some conditions upon getting bailed out? that just seemed incredible. >> narrator: unknown at that time, many of these banks had been drawing on a vast reservoir of cash from the federal reserve in order to keep their daily operations from freezing up. it had started more than a year before, during the bush administration. >> now we know that these banks were not successful. these banks were on the brink of failure. what we found out was that the biggest banks in the united states borrowed a heck of a lot more money than anybody had imagined. >> narrator: the details of the loans became public only after bloomberg news took the case all the way to the supreme court. >> so what we found out, really, was that wall street was in much, much deeper problems, they were in much deeper trouble, than we ever imagined. on the peak day in 2008, it was
december 5, 2008, the banks had taken loans of $1.2 trillion. and that's one day. and out of that $1.2 trillion, not necessarily on the same day, morgan stanley alone took out $107 billion, had $107 billion in loans out in a single day. citigroup-- over $99 billion on a single day. bank of america-- $91 billion on a single day. royal bank of scotla, ubs, all the biggest banks in the world, had borrowed way more than we ever thought. >> narrator: the loans were part of an unprecedented intervention in the financial system. in all, the federal reserve made available more than $7.7 trilli in loans, commitments and guarantees to financial institutions around the world. >> the data shows the fed was lending not just to american banks, but to banks all over the
world, and in amounts that were really astonishing. >> another big bank is in the black... >> people starting to get comfortable that maybe these banks can earn through their problems... >> narrator: but in that spring of 2009, in new york, the public was hearing good news about the banks. >> bailed out banks reporting billions in first quarter profits... >> so should we be outraged or enthused? >> narrator: just in time for tim geithner's stress tests. >> they sent all these supervisors from the fed to kind of look up and down the banks and to see if they have enough capital. >> it was a three-month process. all the bank supervisors working together in an unprecedented fashion, digging into the books of each one of these banks. >> the government today officially announces the results of the financial stress tests... >> today was report card day... >> narrator: by may 7, the government was ready to reveal the results. >> today, we got the official findings...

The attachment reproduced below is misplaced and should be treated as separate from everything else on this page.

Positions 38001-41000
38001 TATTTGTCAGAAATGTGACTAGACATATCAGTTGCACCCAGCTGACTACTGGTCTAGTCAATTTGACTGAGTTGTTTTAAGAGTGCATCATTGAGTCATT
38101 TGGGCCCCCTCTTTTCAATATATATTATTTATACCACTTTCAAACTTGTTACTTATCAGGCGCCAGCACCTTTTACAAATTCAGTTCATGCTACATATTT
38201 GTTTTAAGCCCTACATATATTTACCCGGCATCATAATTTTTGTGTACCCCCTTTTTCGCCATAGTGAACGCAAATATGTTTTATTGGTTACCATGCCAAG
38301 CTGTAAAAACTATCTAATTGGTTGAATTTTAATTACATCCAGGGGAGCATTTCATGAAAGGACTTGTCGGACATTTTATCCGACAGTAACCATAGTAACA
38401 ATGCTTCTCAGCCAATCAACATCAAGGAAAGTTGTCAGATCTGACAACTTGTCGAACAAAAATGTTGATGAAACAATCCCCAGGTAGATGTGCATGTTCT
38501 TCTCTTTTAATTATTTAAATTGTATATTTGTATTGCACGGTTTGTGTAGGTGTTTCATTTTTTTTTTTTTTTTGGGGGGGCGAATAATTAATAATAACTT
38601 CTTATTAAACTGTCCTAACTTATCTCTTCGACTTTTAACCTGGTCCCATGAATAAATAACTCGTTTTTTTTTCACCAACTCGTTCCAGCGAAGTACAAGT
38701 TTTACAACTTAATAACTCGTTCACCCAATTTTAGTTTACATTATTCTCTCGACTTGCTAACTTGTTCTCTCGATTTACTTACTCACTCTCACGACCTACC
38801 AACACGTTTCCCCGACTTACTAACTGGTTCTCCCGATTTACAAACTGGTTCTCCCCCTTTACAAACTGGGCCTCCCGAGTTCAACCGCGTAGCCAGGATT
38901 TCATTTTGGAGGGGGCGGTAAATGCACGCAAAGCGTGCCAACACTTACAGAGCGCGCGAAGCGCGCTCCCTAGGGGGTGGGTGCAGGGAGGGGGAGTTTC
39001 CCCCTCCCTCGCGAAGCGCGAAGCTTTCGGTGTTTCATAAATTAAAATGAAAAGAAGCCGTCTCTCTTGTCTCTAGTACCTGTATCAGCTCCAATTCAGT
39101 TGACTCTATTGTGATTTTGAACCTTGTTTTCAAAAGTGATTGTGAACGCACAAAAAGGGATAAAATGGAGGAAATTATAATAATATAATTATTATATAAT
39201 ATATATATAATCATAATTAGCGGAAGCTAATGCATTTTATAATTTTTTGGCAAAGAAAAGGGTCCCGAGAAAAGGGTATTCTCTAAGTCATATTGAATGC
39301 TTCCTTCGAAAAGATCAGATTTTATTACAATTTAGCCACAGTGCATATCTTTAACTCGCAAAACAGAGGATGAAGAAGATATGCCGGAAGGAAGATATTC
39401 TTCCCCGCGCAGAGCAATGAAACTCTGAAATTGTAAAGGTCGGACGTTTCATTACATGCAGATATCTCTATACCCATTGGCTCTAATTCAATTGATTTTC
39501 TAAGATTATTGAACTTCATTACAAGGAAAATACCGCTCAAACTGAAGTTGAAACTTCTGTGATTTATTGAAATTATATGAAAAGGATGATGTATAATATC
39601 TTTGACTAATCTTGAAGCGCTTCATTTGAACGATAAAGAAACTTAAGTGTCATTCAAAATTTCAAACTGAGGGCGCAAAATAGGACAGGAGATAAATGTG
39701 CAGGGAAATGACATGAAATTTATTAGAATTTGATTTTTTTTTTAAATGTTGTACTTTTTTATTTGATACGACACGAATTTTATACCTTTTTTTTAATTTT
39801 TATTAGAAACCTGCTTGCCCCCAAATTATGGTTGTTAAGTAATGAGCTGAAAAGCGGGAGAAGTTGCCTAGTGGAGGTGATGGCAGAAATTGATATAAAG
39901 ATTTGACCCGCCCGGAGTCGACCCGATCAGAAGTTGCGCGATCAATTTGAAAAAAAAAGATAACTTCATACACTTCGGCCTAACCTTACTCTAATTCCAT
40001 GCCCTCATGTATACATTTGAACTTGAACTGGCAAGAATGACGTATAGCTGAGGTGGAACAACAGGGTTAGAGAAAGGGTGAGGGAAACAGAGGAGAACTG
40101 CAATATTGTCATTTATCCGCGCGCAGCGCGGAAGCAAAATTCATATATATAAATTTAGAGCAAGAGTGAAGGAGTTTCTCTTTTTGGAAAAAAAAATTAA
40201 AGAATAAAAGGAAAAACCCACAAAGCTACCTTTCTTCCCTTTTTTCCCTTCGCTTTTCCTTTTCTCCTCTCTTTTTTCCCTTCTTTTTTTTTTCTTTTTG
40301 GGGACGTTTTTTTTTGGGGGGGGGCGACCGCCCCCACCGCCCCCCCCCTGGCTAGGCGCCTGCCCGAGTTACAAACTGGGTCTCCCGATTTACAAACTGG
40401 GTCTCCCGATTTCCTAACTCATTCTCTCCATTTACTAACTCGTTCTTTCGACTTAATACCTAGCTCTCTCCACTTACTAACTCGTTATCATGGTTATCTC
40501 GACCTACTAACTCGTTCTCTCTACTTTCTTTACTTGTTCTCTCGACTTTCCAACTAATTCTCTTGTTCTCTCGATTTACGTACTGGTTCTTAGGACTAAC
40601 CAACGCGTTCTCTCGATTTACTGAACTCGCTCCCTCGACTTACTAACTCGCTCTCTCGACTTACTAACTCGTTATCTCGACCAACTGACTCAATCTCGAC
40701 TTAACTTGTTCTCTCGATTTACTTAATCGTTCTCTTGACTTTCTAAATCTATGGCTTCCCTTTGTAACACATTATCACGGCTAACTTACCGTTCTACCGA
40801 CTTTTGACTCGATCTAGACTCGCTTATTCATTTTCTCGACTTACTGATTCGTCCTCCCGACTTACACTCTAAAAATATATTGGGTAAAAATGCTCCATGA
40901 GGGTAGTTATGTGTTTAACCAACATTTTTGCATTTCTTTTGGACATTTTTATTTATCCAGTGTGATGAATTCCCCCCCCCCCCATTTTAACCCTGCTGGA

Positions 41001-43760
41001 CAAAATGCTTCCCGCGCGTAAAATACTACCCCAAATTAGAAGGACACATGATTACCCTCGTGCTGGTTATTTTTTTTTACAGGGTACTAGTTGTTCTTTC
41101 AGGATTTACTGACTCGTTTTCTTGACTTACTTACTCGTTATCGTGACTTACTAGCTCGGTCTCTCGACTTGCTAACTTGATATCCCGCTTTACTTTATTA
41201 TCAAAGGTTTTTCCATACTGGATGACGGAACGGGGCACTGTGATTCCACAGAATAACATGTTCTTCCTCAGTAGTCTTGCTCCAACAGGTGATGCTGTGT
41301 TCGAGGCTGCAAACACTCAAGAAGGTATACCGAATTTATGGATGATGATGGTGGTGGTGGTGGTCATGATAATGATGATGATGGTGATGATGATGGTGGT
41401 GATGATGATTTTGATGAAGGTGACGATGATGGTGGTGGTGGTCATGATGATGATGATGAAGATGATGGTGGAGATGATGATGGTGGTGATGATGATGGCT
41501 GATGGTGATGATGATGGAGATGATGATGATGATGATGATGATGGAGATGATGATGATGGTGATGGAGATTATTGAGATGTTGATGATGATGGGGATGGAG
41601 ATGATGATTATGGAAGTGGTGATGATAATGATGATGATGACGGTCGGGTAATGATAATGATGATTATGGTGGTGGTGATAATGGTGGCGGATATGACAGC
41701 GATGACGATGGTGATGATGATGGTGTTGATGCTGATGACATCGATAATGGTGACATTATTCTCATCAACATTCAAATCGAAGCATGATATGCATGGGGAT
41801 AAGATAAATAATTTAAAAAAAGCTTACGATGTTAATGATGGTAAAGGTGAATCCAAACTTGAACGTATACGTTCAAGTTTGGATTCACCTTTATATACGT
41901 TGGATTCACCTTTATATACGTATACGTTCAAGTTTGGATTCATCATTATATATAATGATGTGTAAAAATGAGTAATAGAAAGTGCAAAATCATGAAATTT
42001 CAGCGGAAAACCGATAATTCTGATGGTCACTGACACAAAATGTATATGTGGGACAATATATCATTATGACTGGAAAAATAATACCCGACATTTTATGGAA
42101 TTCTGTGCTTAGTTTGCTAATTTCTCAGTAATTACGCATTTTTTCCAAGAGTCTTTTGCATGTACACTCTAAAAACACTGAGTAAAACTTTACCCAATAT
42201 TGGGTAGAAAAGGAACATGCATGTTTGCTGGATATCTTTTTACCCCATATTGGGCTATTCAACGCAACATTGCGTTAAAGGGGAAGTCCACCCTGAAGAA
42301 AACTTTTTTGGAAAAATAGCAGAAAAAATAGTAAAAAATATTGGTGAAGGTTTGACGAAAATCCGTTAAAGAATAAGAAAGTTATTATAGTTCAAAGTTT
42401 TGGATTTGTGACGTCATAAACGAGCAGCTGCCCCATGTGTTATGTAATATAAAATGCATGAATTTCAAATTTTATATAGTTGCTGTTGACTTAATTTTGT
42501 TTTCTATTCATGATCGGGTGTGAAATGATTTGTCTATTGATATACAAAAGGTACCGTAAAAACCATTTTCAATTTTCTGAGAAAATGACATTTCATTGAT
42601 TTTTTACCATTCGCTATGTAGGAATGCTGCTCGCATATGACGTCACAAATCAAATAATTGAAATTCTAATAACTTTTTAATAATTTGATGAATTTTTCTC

>> these actions today are going to bring an unprecedented level of transparency and clarity to the health of the nation's banking system. they're going to replace... >> narrator: according to geithner's stress tests, the nation's 19 largest banks were fundamentally healthy, and soon they would repay their loans. >> replace the government's investments with private capital as soon as possible... >> none of the 19 banks are at risk of insolvency... >> tim geithner feels like he saved the financial system and that he did so at extraordinarily low cost. >> narrator: and geithner took a victory lap. >> when those stress test results come in and the news is quite good, he goes over to the white house and actually shows the president some of the reports, sort of his moment of, "you see, mr. president, i was right." >> narrator: the president and even some of geithner's white house critics seemed pleased. his position as secretary of treasury was secure. >> looking back, i actually think they were pretty effective. and if anything, the financial